After nearly two years, throngs of students returned to Red Square to buy artisan food and support local vendors as part of the Georgetown University Farmers’ Market (GUFM).
GUFM, a student-run not-for-profit organization that promotes sustainable agriculture and supports local businesses, returned to Red Square on Oct. 6 at limited operational status. Local vendors included Timber Pizza Co., a mobile wood oven pizza truck; Yoga in a Bowl, an Indian restaurant; Borek-G, a Turkish restaurant; and Maracas Ice Pops, an ice pops vendor. The Farmers’ Market did not operate last year during the COVID-19 pandemic.
The market’s revival signals the comeback of a beloved campus tradition, according to Irmak Şensöz (SFS ’23).
“I think the Farmers’ Market was something that most students looked forward to a lot every Wednesday, and so just being able to go again — even if the options are pretty limited — is a sign of returning to normal and what Georgetown was once like pre-pandemic,” Şensöz said in an interview with The Hoya.
In the past, the Farmers’ Market featured 16 vendors from the Washington, D.C.-Maryland-Virginia area, as well as two vendors run by graduates of the Georgetown community. The Farmers’ Market also included 11 pop-up vendors who appeared once during the Farmers’ Market season, which runs during the early fall and late spring.
In past years, the Farmers’ Market has offered a wider range of food options from local vendors, including Ashton Farms, a fruit orchard; Craft Kombucha, a kombucha brewery; Panorama Bakery, an artisan bakery; and DMV Empanadas, a restaurant serving homemade empanadas.
Tents and limited space in Red Square forced GUFM to scale back the size of the Farmers’ Market, according to GUFM co-director Madeleine O’Hara (SFS ’22).
The Farmers’ Market is enforcing COVID-19 safety measures, including requiring all individuals to be masked while in line, despite university policy allowing fully vaccinated students to not wear masks while outdoors. Vendors are required to be vaccinated against COVID-19, according to O’Hara.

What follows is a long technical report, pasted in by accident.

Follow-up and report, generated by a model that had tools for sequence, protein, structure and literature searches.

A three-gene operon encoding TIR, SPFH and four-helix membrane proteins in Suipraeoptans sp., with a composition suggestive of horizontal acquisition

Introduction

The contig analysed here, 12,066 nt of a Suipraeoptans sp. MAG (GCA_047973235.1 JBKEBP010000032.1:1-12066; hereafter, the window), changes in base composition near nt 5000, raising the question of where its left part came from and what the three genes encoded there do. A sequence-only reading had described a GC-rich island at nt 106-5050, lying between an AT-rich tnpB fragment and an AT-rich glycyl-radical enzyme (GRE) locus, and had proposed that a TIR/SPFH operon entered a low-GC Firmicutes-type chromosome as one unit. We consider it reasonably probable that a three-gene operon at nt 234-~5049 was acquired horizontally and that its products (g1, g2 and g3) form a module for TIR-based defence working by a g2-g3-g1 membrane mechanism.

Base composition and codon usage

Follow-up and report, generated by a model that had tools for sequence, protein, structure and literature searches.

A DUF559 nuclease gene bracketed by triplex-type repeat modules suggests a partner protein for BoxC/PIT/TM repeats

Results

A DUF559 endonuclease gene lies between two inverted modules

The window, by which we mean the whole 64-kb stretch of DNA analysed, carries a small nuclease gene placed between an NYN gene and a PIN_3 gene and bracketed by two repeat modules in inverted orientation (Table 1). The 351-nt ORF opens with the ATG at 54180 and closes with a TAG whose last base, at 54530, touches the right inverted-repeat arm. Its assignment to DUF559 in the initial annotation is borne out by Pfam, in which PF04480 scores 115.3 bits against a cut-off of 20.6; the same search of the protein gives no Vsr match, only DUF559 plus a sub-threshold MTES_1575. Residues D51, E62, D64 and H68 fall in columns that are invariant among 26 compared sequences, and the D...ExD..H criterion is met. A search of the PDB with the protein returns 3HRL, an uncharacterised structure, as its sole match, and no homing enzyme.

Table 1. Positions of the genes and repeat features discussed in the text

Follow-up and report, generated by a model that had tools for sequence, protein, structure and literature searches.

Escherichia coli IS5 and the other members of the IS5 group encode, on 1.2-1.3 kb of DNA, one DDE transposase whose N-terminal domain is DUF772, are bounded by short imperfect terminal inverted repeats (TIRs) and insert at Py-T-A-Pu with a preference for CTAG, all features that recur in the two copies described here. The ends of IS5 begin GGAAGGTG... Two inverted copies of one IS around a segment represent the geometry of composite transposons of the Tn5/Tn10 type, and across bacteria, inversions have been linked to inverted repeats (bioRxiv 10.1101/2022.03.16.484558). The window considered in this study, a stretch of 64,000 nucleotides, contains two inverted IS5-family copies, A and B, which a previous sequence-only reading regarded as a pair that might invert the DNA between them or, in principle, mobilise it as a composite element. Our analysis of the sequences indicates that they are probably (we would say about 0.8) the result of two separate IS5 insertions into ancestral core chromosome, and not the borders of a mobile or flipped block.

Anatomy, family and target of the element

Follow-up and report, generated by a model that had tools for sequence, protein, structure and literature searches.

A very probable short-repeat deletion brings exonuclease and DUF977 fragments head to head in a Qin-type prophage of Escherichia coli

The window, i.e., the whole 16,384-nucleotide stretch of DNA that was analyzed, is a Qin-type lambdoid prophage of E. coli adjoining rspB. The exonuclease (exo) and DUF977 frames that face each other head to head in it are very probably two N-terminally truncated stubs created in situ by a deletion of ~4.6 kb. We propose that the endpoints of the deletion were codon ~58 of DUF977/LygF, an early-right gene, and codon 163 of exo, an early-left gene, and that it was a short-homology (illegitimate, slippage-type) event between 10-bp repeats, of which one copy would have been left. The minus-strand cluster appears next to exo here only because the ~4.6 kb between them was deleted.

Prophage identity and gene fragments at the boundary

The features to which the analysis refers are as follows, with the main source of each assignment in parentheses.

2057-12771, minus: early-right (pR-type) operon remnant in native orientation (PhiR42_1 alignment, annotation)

While the Farmers’ Market is currently offering limited space for vendors, the organization plans to increase its operating status throughout the fall and spring, according to O’Hara.
“We really just had to kind of give them pretty last-minute notice, so it was whoever wanted to come,” O’Hara said in a phone interview with The Hoya. “We’re also kind of starting with a scaled-back amount of vendors to hopefully ramp it up for the regular market season.”
Although some students noted high costs and long lines, the Farmers’ Market was a welcome alternative to Leo J. O’Donovan Dining Hall, according to Ella Braunfeld (SFS ’25), who visited the market for the first time Wednesday.
“I had the Indian chicken rice bowl. It was probably the best $15 I’ve ever spent here at Georgetown,” Braunfeld said in an interview with The Hoya. “It was a bit expensive, but that’s what you get for living in D.C.”
For Katherine Taulane (COL ’24), despite the long lines, the ability to support local businesses and enjoy the market made it a worthy experience.
“I thought it was really cool,” Taulane said in a phone interview with The Hoya. “I liked the different foods they had, and it’s just nice seeing a lot of students gather together to support these different businesses.”
The return of the Farmers’ Market signals Georgetown’s openness to giving back to the community, according to O’Hara.
“Ultimately, it’s just an investment in community, and the university having it back I feel like is a sign that they’re willing to invest in community because they know that it’s important to students,” O’Hara said.
GUFM also collaborates with other university and student organizations. The Georgetown Renewable Energy Environmental Network helps lead composting services at the event, and GUFM donates to the Georgetown Scholars Program’s grocery stipends program.
The Farmers’ Market is an important way for the Georgetown community to come together and enjoy a break in the week, according to O’Hara.
“It’s a pause where students can get together with their friends and really enjoy each other’s company, and I think it’s such an important community-building part of Georgetown,” O’Hara said. “Georgetown is a very fast-paced school, and this is a chance for students to slow down and enjoy life and being outside and being with friends and fresh food.”
Braunfeld plans to return to the Farmers’ Market soon.
“I would go back next Wednesday and try another stand,” Braunfeld said. “All those stands looked amazing, and I want to try all of them. So that’s my goal for the semester: try all the stands there.”